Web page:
Cowan contends that the referee, in finding that the juror was not arrested or placed in handcuffs for the 1995 public fighting incident, “wholly ignored Office [sic] Wimbish's report that the juror was subjected to a citizen's arrest and placed in handcuffs by security officers.” Officer Wimbish was apparently present at the evidentiary hearing but did not testify. The referee was entitled to credit the juror's sworn testimony at the hearing on this point instead of the unsworn hearsay statements in the officer's report. Moreover, at the evidentiary hearing, the prosecutor explained that the police report indicates that the juror was “cited and released” after the fighting incident. Counsel for petitioner agreed that “Officer Wimbish did give a citation to [the juror]” but insisted that “[the juror] was subjected to a citizen's arrest prior to being given a citation.” The police report confirms that after breaking up the fight, the mall security officer placed the two combatants in handcuffs and took them to an area off the main plaza. It is unclear, however, whether the juror was still in handcuffs when Officer Wimbish arrived.
We conclude that substantial evidence supports the referee's finding that the juror “simply overlooked” the 1995 misdemeanor public fighting conviction when he filled out the questionnaire. The juror consistently testified that the 1995 public fighting incident did not cross his mind and that his nondisclosure was not “on purpose.” He described the incident as not “a big deal” and “pretty minor.” The juror also testified that he had “nothing to hide” and would have included the 1995 misdemeanor conviction if he had remembered it. Further, the juror testified that when he completed the questionnaire, he did not “dwell on things,” did not take long to answer the questions, and did not provide much detail in his answers. As the referee found, the juror failed to respond or provide the requested explanations to many of the questions asked, including those that had nothing to do with his experiences in the criminal justice system. Although there were some inconsistencies in the juror's testimony, “ ‘we assume the referee considered those discrepancies, along with [the juror's] demeanor, while testifying, before concluding he was a credible witness.’ ” (Boyette, supra, 56 Cal.4th at p. 877.) We defer to the referee's resolution of the conflicts in the testimony and to his conclusion that the juror failed to remember his 1995 misdemeanor conviction when he completed his juror questionnaire.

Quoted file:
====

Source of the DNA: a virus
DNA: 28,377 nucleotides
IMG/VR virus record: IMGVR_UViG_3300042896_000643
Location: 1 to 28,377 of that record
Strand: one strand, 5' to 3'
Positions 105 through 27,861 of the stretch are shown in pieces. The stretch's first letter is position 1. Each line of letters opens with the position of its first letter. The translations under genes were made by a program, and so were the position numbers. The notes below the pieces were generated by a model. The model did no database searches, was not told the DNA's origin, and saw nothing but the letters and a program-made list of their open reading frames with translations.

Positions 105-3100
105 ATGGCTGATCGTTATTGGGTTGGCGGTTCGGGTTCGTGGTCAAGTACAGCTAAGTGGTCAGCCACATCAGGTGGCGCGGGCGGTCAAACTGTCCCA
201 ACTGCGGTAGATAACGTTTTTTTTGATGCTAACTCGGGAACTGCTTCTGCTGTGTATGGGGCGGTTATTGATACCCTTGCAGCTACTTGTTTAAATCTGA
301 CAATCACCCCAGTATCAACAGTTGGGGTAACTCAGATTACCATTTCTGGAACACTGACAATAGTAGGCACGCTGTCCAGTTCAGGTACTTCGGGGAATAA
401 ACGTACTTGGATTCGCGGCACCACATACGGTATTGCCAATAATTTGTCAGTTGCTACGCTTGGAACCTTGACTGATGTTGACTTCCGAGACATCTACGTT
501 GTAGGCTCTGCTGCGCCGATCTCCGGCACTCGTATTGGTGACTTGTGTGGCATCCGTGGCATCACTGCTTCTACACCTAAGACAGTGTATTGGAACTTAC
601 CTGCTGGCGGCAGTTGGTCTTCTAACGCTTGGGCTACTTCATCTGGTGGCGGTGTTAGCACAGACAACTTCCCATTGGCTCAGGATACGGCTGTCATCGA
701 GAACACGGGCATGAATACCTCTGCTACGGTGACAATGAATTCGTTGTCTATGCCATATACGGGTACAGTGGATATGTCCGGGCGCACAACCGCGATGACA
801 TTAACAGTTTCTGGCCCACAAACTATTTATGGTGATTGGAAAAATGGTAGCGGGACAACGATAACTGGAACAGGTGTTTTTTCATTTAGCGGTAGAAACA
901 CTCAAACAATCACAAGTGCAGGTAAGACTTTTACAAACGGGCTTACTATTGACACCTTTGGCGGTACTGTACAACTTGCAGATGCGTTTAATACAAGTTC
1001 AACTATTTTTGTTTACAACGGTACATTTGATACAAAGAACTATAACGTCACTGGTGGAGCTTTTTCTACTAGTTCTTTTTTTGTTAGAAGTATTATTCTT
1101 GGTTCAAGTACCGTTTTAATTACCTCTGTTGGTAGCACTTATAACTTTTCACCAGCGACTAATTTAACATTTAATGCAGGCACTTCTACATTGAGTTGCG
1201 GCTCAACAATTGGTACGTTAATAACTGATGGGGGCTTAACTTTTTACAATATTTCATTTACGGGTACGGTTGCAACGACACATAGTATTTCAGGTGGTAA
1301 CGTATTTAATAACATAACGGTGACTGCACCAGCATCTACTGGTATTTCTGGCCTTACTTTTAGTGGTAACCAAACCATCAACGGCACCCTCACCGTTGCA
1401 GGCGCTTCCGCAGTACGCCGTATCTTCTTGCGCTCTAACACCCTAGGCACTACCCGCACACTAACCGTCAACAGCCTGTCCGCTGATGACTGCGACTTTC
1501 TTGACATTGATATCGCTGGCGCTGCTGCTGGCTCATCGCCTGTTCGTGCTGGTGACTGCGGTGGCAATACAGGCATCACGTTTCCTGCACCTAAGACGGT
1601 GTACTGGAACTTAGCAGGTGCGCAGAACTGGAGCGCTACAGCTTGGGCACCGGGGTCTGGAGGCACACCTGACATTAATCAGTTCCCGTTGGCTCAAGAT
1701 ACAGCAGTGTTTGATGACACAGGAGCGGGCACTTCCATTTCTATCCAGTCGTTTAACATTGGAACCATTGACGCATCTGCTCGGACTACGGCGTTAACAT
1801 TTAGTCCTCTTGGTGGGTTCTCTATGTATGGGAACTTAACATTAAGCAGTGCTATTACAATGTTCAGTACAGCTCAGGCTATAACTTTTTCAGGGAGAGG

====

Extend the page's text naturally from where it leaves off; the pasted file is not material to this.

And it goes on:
Question 3. The referee found that the juror's failure to disclose his misdemeanor conviction was not intentional or deliberate. For the reasons just stated, we defer to this finding.
Question 4. The referee found that the juror's failure to disclose his misdemeanor conviction was not indicative of bias. We conclude that the referee's finding is supported by substantial evidence, namely, the juror's testimony that he felt no bias towards either Cowan or the prosecution and came to court with an “open mind.” In addition, the juror's disclosure of his 1991 arrest, together with his testimony that he did not remember his 1995 misdemeanor conviction and did not omit it “on purpose,” suggests he completed his questionnaire in good faith. This, in turn, supports the referee's finding that the juror's omission was not indicative of bias. (See Hamilton, supra, 20 Cal.4th at p. 300 [juror's good faith in responding to voir dire questions is the “most significant indicator that there was no bias”].)